Jacopo Chevallard, Emma Curtis-Lake, Stephane Charlot, Pierre Ferruit, Giovanna Giardino, Marijn Franx, Michael V. Maseda, Ricardo Amorin, Santiago Arribas, Andy Bunker, Stefano Carniani, Bernd Husemann, Peter Jakobsen, Roberto Maiolino, Janine Pforr, Timothy D. Rawle, Hans-Walter Rix, Renske Smit, Chris J. Willott. 2019. Simulating and interpreting deep observations in the Hubble Ultra Deep Field with the JWST/NIRSpec low-resolution ‘prism’. Monthly Notices of the Royal Astronomical Society 483, 2, 2621-2640 DOI: 10.1093/mnras/sty2426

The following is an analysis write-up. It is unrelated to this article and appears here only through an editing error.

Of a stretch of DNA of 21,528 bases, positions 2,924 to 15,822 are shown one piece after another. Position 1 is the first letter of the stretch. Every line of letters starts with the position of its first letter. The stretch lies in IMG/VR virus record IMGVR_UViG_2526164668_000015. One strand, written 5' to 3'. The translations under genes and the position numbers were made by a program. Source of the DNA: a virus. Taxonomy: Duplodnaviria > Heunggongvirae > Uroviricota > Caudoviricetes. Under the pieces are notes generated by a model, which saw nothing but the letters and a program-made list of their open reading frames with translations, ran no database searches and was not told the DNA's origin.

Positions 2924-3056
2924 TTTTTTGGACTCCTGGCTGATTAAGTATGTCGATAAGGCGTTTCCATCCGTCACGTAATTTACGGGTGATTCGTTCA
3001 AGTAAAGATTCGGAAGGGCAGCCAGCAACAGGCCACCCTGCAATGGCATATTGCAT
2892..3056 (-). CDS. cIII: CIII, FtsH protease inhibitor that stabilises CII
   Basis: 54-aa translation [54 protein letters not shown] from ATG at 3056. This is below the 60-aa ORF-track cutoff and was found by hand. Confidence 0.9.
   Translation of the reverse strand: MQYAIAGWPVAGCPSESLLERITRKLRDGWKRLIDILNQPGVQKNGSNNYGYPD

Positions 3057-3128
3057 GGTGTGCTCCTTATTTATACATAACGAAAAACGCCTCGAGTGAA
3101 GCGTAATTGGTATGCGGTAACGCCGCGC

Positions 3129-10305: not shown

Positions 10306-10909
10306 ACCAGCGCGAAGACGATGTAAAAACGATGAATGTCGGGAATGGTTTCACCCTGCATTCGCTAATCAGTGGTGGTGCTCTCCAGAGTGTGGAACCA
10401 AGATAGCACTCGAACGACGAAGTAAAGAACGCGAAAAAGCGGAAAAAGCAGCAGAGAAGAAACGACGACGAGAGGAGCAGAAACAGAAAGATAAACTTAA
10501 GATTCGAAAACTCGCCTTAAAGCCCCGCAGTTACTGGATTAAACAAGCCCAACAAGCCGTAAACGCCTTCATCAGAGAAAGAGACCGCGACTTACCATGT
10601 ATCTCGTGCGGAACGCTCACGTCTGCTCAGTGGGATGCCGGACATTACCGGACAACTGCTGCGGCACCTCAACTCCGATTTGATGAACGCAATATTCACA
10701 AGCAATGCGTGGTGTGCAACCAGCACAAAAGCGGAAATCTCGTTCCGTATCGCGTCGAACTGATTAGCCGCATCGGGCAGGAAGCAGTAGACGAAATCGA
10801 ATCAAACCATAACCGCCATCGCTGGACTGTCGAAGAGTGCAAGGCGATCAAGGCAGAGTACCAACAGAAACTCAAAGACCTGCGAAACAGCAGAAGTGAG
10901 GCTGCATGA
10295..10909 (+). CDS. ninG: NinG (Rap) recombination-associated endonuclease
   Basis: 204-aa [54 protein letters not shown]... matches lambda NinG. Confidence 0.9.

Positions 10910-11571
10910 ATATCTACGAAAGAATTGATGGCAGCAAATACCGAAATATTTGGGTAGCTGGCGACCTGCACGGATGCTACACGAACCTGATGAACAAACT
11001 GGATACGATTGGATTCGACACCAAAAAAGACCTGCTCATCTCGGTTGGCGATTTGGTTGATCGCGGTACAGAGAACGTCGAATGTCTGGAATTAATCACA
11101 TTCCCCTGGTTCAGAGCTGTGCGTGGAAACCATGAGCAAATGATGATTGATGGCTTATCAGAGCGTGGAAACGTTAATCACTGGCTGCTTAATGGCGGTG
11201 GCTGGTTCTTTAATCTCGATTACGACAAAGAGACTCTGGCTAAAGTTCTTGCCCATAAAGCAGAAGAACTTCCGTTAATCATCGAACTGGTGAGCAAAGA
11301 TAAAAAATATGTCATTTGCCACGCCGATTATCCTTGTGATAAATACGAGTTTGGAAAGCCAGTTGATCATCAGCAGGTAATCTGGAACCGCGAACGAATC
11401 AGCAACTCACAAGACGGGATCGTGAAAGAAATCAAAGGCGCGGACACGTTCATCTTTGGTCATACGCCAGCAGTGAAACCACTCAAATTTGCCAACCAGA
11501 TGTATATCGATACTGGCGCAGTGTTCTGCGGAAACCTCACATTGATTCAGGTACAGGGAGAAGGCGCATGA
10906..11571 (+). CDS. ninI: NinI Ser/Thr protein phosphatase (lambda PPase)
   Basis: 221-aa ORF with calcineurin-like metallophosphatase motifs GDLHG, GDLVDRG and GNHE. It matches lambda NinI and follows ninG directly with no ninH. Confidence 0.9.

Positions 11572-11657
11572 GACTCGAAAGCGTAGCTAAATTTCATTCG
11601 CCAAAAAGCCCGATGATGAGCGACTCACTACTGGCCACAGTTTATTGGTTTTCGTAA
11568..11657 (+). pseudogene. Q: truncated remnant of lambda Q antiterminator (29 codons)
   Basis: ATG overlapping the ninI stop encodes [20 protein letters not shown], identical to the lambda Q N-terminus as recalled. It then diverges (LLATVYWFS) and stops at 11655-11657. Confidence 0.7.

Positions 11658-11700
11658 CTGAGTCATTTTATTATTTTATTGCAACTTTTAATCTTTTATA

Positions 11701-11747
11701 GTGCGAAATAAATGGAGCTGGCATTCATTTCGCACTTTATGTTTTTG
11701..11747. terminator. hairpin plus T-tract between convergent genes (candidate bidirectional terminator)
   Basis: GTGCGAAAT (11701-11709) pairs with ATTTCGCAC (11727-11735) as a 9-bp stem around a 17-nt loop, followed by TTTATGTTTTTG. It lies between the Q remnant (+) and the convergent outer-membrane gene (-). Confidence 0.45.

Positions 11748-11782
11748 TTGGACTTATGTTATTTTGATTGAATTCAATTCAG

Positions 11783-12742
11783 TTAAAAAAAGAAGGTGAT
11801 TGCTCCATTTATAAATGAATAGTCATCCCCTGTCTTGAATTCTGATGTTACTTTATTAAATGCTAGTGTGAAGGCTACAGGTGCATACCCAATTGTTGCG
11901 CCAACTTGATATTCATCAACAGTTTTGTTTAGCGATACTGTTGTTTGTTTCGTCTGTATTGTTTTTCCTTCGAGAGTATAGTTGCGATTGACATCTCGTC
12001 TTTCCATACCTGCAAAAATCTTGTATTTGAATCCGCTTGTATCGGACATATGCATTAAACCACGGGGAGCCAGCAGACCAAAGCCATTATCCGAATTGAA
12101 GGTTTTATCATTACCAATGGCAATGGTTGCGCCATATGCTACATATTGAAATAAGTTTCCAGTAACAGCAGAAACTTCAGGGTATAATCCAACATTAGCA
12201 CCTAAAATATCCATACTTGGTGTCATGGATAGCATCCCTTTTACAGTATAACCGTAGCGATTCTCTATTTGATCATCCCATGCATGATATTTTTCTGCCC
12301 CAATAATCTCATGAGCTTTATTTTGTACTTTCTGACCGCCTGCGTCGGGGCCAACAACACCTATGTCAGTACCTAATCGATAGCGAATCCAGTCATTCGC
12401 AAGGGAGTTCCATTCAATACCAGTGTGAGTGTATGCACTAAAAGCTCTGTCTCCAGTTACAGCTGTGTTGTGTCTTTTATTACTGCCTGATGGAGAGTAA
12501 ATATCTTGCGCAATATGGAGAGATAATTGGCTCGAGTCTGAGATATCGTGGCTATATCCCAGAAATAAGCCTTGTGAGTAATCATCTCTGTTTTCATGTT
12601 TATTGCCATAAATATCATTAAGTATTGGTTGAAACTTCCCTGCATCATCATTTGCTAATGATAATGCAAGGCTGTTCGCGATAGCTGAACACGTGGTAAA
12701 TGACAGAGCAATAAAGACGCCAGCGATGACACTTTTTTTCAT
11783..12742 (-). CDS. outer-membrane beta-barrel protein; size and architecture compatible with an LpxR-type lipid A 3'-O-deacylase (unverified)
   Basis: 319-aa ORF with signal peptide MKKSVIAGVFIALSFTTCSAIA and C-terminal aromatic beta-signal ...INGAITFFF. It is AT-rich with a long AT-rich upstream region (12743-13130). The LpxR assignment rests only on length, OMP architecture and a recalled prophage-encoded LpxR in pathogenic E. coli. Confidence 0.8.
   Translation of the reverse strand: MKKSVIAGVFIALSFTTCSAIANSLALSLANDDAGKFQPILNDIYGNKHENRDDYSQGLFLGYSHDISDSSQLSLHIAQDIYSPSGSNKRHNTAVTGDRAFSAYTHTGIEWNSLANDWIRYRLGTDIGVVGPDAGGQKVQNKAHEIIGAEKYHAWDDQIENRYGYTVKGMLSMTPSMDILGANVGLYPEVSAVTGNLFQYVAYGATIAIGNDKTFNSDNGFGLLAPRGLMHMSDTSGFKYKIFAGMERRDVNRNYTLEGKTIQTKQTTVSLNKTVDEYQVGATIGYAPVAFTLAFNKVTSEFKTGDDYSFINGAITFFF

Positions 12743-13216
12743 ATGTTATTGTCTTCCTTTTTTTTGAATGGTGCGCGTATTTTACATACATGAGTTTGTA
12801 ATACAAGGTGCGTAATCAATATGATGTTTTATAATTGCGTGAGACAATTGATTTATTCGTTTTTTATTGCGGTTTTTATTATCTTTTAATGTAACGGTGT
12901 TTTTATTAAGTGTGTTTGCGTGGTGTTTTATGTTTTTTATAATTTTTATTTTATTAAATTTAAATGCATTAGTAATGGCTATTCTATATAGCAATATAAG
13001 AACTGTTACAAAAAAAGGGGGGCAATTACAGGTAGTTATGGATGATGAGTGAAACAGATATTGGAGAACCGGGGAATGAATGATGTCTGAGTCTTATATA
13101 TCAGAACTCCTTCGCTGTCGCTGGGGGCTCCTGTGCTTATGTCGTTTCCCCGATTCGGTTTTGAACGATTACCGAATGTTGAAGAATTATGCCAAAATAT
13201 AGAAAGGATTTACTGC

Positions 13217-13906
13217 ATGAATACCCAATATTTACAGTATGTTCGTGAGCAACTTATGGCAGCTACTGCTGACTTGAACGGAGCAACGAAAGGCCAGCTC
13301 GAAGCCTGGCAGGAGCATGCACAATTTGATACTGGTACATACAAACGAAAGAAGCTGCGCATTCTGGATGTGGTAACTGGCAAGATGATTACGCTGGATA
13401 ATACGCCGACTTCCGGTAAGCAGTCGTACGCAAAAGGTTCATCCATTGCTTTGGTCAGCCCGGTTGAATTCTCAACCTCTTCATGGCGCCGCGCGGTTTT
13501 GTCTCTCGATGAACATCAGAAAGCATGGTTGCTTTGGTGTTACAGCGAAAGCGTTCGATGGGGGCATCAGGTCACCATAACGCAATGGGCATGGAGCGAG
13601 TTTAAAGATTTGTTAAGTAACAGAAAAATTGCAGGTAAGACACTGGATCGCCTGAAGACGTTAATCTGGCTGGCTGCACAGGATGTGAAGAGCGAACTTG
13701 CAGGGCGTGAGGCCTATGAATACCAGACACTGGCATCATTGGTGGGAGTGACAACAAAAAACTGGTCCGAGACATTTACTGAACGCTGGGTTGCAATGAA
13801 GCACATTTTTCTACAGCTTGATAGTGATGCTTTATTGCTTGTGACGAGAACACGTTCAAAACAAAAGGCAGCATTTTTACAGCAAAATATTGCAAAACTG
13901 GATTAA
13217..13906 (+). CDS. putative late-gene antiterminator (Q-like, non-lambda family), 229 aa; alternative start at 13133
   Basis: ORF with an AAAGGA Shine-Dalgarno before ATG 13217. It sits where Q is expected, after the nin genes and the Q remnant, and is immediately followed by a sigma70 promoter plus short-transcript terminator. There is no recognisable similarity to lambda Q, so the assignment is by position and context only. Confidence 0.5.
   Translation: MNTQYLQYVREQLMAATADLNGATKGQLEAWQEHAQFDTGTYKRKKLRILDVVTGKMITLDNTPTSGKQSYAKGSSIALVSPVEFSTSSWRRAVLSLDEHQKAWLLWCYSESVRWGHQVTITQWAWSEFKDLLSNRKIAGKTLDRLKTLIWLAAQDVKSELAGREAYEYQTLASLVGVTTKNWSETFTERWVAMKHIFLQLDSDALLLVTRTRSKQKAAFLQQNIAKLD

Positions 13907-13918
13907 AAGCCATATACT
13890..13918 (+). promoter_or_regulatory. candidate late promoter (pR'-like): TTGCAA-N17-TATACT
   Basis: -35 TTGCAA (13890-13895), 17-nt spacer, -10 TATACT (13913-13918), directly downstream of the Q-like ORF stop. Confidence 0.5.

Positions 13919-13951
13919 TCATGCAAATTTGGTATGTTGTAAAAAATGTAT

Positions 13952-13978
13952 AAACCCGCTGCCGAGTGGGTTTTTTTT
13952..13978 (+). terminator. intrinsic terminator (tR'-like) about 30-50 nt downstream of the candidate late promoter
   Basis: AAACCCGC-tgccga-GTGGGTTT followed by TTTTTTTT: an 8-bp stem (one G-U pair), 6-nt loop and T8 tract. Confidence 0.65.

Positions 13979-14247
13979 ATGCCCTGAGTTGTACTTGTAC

The James Webb Space Telescope (JWST) will enable the detection of optical emission lines in galaxies spanning a broad range of luminosities out to redshifts z greater than or similar to 10. Measurements of key galaxy properties, such as star formation rate and metallicity, through these observations will provide unique insight into, e.g. the role of feedback from stars and active galactic nuclei (AGNs) in regulating galaxy evolution, the co-evolution of AGNs and host galaxies, the physical origin of the ‘main sequence’ of star-forming galaxies, and the contribution by star-forming galaxies to cosmic reionization. We present an original framework to simulate and analyse observations performed with the near-infrared spectrograph (NIRSpec) on board JWST. We use the BEAGLE tool (BayEsian Analysis of GaLaxy sEds) to build a semi-empirical catalogue of galaxy spectra based on photometric spectral energy distributions of dropout galaxies in the Hubble Ultra Deep Field (HUDF). We demonstrate that the resulting catalogue of galaxy spectra satisfies different types of observational constraints on high-redshift galaxies, and use it as an input to simulate NIRSpec/prism (R similar to 100) observations. We show that a single ‘deep’ (similar to 100 ks) NIRSpec/prism pointing in the HUDF will enable S/N > 3 detections of multiple optical emission lines in similar to 30 (similar to 60) galaxies at z greater than or similar to 6 (z similar to 4 – 6) down to m(F160W) less than or similar to 30 AB mag. Such observations will allow measurements of galaxy star formation rates, ionization parameters, and gas-phase metallicities within factors of 1.5, mass-to-light ratios within a factor of 2, galaxy ages within a factor of 3, and V-band attenuation optical depths with a precision of 0.3.